Facebook has a sharing feature called Shared Albums. A shared album is an album that multiple people can upload photos to. When you make an album shared, just add your friends as contributors. This allows them to add, view and edit photos in the album. See Facebook's Shared Albums page for more details.
As for sharing videos, Facebook users can tag, edit Privacy settings - and that's about it.
Google+ via Chrome for desktop boasts many tools for editing. There's a lightbox view for rotating and cropping photos, a photo editor for altering brightness, details, hues, etc., and a bunch of creative adjustment controls such as filters. See Google+ Editing Photos page for more details.
Google+ also recently introduced photo-editing features that are automatically applied to any photo uploaded to Google+. Check out Pocket-lint's coverage of all 18 new features. One of the most interesting tools will auto-remove people in the background of photos, if desired.
As for videos, Google can now auto-edit videos uploaded by Google+ users. The feature turns shaky camera smartphone clips into spliced, shareable videos with soundtracks and effects. Check out Pocket-lint's coverage of the all new video-editing features.
Facebook on the web doesn't offer much in the photo-editing department, but it does have Facebook Camera and Instagram. Facebook acquired popular photo-editing app Instagram in 2012, and the service has since reached approximately 150 million active users.
Instagram for iOS and Android features editing capabilities like filters, as well as sharing and all the usual stuff, but it also recently added the ability to record, edit and share videos up to 15 seconds long.
As for Facebook Camera, it's a standalone photo app that lets Facebook users post a bunch of photos at once, see friends’ latest photos in one place, play with crops and filters, tag friends, add captions, etc. Check out below for more information.
Google+ doesn't offer any standalone app for photos or videos, because it bundles all of its uploading, management, editing and sharing features directly within the Google+ app for iOS. Check out the video below for more information on Google+ for Android.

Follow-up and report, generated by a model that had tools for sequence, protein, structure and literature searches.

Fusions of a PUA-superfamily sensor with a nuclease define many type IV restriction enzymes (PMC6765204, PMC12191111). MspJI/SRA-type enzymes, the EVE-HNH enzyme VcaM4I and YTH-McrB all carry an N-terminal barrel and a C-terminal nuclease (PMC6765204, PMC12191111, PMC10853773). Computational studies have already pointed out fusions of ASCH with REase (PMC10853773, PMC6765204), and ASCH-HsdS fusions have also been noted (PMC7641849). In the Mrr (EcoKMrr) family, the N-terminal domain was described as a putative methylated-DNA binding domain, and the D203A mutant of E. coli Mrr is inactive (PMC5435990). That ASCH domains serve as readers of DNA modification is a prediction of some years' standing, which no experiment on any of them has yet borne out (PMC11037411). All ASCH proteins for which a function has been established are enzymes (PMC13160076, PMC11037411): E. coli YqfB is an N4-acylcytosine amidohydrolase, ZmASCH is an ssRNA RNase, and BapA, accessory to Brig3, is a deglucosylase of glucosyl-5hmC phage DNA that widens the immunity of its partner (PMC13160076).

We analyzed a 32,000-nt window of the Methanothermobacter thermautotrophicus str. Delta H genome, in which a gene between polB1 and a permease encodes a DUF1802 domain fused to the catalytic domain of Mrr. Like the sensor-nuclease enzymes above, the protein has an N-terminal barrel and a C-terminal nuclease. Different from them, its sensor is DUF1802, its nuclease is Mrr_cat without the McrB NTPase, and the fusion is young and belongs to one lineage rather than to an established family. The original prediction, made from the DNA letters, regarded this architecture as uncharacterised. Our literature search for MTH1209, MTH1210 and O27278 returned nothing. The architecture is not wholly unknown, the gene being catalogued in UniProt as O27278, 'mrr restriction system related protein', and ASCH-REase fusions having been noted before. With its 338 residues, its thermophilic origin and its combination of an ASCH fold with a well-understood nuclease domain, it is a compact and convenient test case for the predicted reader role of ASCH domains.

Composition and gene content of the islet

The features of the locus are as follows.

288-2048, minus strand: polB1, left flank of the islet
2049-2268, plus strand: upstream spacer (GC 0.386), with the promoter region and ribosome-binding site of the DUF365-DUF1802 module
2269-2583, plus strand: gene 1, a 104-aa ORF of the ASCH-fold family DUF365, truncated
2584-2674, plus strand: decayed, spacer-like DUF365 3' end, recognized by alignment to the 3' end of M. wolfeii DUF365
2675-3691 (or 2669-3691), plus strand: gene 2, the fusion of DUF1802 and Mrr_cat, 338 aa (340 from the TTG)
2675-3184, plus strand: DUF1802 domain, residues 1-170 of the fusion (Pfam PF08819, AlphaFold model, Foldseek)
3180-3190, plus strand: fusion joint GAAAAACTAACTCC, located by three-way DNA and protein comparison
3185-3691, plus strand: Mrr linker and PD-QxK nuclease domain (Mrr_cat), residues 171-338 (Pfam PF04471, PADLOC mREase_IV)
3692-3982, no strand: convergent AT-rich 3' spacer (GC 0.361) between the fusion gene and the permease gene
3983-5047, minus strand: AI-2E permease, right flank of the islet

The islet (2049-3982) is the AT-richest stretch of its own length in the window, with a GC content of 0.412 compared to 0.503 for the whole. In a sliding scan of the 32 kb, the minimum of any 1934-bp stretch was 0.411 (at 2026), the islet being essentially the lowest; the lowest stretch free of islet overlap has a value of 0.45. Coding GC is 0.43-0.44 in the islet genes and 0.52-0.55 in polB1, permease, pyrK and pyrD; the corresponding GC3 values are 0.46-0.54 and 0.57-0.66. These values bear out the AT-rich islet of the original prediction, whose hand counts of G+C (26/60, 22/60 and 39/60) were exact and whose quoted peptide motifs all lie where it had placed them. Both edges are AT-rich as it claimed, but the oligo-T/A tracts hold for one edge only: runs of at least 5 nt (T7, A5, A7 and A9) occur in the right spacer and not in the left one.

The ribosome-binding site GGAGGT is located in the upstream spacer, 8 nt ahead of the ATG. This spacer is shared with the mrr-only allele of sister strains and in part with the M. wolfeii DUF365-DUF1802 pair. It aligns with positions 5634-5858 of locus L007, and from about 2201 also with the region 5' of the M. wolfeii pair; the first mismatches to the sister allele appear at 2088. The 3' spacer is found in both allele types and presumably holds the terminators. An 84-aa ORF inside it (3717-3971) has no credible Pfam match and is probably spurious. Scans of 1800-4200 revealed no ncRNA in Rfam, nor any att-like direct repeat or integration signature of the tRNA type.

Facebook has a standalone app for photos called Facebook Camera. Its entire premise is about letting users share photos while on the go, post multiple photos at a time and see friends’ latest photos in a single feed.
Facebook Camera users can post to specific albums, edit their photos, add location data, tag friends, designate who can view certain photos and more. Check out the video below for more information.
As for standalone video apps, as mentioned earlier, Facebook has Instagram, which recently added the ability to record, edit and share videos up to 15 seconds long.
Video calling is not currently available through the Facebook app, Facebook Camera app or Facebook Messenger app. You can video chat in Facebook on the web, though. See Facebook's Video Chat page for more details.
Google+ has Hangouts. It's a built-in feature that allows users to make free group video calls across computers and Android phones. It also works right inside of Gmail. You can upgrade Chat to Hangouts by clicking on your photo icon in Gmail's chat list. See Google's Hangouts page for more information.
Google+ recently also announced updates to the Hangouts app, Hangouts Broadcast experience and Hangouts' video calls. The Hangout app added supports GIFs and SMS. Google+ also gave users the ability to plan Hangouts with a dedicated landing page, promotion tools and management options (like adding and removing participants). Also, HD is now available for all video calls.
The magic in Google's Auto-Awesome feature is now in the Hangout video experience, too. This will do things like boost light, enable black and white, turn on the blur or focus effect features, etc. Check out Pocket-lint's coverage for more information about the new Hangouts features.
As for Apple devices, there's also a standalone Hangouts for iOS app.
Google+ has everything but a standalone photo and video app, which it really can't be discounted for because it offers features in its Google+ for iOS and Android app. Facebook on the other hand has limitations in upload quality, management, sharing and video calls.
The obvious winner is...Google+.
Does that mean you should abandon Facebook altogether? No. It just means you shouldn't use it as a primary tool for getting the most out of your photo and video collection.